I started to inspect my own guilt feelings with curiosity and openness and to take a more clinical view of them. I've been deepening a few understandings:

  • Inflicted social guilt is manipulative, often used to gain an advantage. It can be rejected.
  • The sense of guilt can be over-sensitive; betrayal can be felt only on the side of the oversensitive person.
  • The social guilt is sometimes imaginary; the "others" we fear disappointing do not have the expectations we think they have for our behavior..
  • The social guilt is sometimes real and reliable. As long as it is in "future tense" it's easy to work around fairly. Even in past tense, there are ways to remedy guilt and move forward.
  • Some actions really are a betrayal of trust, and I can usually "just say no." When there is a fact of betrayal, feelings of betrayal are perfectly valid. 
  • If you realize it is a social sense, you can learn to forgive as you are forgiven. It is not a permanent shame.

If these feelings are a good and useful adaptation to living socially,  I'm interested in information that will adjust or inform my opinion about this sense of social responsibility and how to grow and use it ever more responsibly and socially.

I am not a psychologist. I'm just trying to work through this stuff.

I don't know if this is universally true, I only know that it is working for me (so far).

Wednesday, June 11, 2014

Process Improvement Principles

This is not a manifesto.

It looks a lot like a rather famous manifesto (the middle of it anyway) but it is not a manifesto.

This is just a set of principles that I've successfully applied in numerous personal and professional settings, always with good effect.

Pull is a better flow than Push
Continuous is more competent than Batch
Agreements are more negotiable than Orders
Brains per Task is more efficient than Tasks per Person
Improvement is a better goal than Compliance
Fail Now is cheaper than Fail Later
Simplicity works better than Discipline
Safety is best

May they serve you as well as they have served me so far.


Wednesday, May 28, 2014

Defending Scrum Against Stupid Arguments

I'm not a big scrum promoter, but I am VERY familiar with scrum and have coached many teams and always been able to improve their success with the method to some extent. I've taught scrum, and even have written a book about scrum mastering. I don't have to love scrum (not more than XP for certain!) to see that it's getting a bad rap.

Ignoring advice to "never blog angry" I'm going to let the grumpy old man out for a minute, in hopes you'll hear what he has to say. 

Suggestion:  Before railing on how scrum doesn't work  you should be sure that what you're doing is scrum.

Some people say they're doing scrum because they have planning meetings, morning status meetings, and sometimes have reviews or retrospectives. But they're not sure why they're doing them, and these meetings just take time away from what would otherwise be potentially productive programming and testing time.

So, let's get back to the basics here.

Scrum is entirely based on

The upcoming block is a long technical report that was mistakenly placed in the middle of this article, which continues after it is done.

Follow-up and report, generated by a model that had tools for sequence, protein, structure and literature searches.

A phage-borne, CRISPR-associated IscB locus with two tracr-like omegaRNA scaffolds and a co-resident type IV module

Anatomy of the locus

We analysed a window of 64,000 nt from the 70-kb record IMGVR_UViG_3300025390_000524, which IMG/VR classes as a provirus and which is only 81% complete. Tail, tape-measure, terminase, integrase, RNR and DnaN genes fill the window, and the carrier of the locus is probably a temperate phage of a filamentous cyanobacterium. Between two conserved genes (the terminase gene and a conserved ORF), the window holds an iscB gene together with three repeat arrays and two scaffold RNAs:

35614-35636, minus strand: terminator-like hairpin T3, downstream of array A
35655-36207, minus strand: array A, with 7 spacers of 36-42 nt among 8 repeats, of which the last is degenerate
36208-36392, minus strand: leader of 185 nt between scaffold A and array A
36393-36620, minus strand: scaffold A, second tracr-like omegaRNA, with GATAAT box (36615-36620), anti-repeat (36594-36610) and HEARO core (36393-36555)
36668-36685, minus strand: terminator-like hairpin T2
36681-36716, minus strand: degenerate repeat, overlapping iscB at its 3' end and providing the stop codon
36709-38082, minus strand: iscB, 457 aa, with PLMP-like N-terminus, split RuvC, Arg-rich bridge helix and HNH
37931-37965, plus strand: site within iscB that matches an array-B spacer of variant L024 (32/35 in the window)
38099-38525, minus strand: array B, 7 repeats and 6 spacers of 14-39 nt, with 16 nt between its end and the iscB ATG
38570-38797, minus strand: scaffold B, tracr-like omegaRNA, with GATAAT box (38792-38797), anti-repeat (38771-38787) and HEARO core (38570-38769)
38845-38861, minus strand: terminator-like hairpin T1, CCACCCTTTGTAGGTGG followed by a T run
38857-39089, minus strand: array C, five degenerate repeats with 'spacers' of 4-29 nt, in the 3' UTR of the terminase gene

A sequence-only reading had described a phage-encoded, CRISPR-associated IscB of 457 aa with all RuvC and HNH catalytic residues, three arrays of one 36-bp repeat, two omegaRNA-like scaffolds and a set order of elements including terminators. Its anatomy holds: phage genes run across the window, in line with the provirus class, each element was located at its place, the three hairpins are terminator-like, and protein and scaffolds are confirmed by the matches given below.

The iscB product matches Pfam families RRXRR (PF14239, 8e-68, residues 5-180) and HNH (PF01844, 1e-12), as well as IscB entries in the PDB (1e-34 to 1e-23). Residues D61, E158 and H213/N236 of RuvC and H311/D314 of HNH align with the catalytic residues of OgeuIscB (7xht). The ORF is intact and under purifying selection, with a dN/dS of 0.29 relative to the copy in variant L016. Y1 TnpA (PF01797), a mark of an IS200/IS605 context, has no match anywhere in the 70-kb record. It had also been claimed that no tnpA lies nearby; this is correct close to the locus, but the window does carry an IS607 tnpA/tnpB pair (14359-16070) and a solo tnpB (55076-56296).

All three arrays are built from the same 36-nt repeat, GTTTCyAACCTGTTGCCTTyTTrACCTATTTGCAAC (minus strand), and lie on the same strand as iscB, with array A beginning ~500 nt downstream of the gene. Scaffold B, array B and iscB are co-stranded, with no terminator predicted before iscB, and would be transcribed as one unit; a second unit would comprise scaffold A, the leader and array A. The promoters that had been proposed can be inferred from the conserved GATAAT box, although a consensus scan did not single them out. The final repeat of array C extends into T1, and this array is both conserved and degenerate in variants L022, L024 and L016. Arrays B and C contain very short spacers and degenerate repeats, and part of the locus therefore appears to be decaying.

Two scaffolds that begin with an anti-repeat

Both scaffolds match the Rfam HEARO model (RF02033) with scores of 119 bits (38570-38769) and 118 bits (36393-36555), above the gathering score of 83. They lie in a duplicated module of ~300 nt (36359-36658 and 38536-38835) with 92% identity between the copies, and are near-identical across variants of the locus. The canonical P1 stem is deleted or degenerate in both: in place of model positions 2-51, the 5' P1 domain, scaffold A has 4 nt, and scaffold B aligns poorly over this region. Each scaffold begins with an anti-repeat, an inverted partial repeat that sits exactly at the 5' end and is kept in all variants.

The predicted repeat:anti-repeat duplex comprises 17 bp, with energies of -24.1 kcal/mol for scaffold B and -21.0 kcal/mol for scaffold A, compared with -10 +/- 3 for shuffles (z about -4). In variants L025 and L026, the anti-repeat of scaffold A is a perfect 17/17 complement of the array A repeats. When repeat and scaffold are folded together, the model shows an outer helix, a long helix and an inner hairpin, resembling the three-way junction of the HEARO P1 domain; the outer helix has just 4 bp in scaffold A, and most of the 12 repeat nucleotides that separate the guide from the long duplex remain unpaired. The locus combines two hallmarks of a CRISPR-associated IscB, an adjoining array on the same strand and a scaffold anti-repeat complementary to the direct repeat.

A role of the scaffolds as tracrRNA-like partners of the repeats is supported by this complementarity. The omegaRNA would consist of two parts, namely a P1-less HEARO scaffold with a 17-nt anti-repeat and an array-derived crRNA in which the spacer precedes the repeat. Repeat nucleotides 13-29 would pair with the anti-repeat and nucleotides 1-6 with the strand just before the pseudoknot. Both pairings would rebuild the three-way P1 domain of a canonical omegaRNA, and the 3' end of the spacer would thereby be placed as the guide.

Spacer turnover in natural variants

transparency, inspection, and adaptation.

That might not sound right. You might want some citations to back up what I'm saying, because it's very likely that you weren't given this talk when you started scrum.

See here:

Okay, three pillars. We get that, right?

Those pillars are not "planning meeting, standup meeting, retrospective."

They are (repeat with me) Transparency, Inspection, and Adaptation. 

But if you say you are doing scrum, and you aren't getting what you want out of it and you're not looking at your process and adapting your practices to get what you want... well, then, you are not doing scrum.

Nor is it XP, or AUP or Crystal or DAD or FDD or Lean or Kanban. 

If you fail and you aren't using Transparency, Inspection, and Adaptation then what you're doing isn't a scrum failure. It's a failure to use even the most fundamental and essential features of scrum.

If you've only sort-of almost tried parts of scrum (like the meetings), and have tried no other agile method, then you can't say "agile doesn't work" because your experience is limited to not really trying a single agile method.

Sadly, that is the core of most of the arguments I hear: "I didn't really try scrum, and it didn't work for me. Therefore all agile methods are fundamentally worthless."

Guide to argument:
  • If you want to hate on scrum, then go ahead. Get to know it, and give us the real dope on why it doesn't work for you.
  • If you want to hate on XP, go do it for a while and then shout your grievances to the rooftops.
  • If you want to hate on agile, the learn several agile methods and show us how following them all lead to likely failure.
  • Heck, go do some research and then report on project that use some methods or parts of methods and fail; how and why it happened. That would be mighty useful.
  • If you just don't want to learn or do any of them, that's okay too.  You can honestly argue "that doesn't make sense" or "I don't like it" or "I'm happy as I am." You are big enough say it, and we're big enough to hear it.
I'm okay with all of that.

All valid, informed arguments are welcome. I don't have a sacred cow or beloved method that I'm unwilling to part with. I'm an Anzeneer, not someone whose paycheck is tied up in scrum or agile promotion.

I'm just tired of arguments of the form "your whole family is unreliable, and I know because I once almost asked one of your cousins about it."

We can do better than that.

Any REAL argument will find open ears and a willingness to inspect and adapt.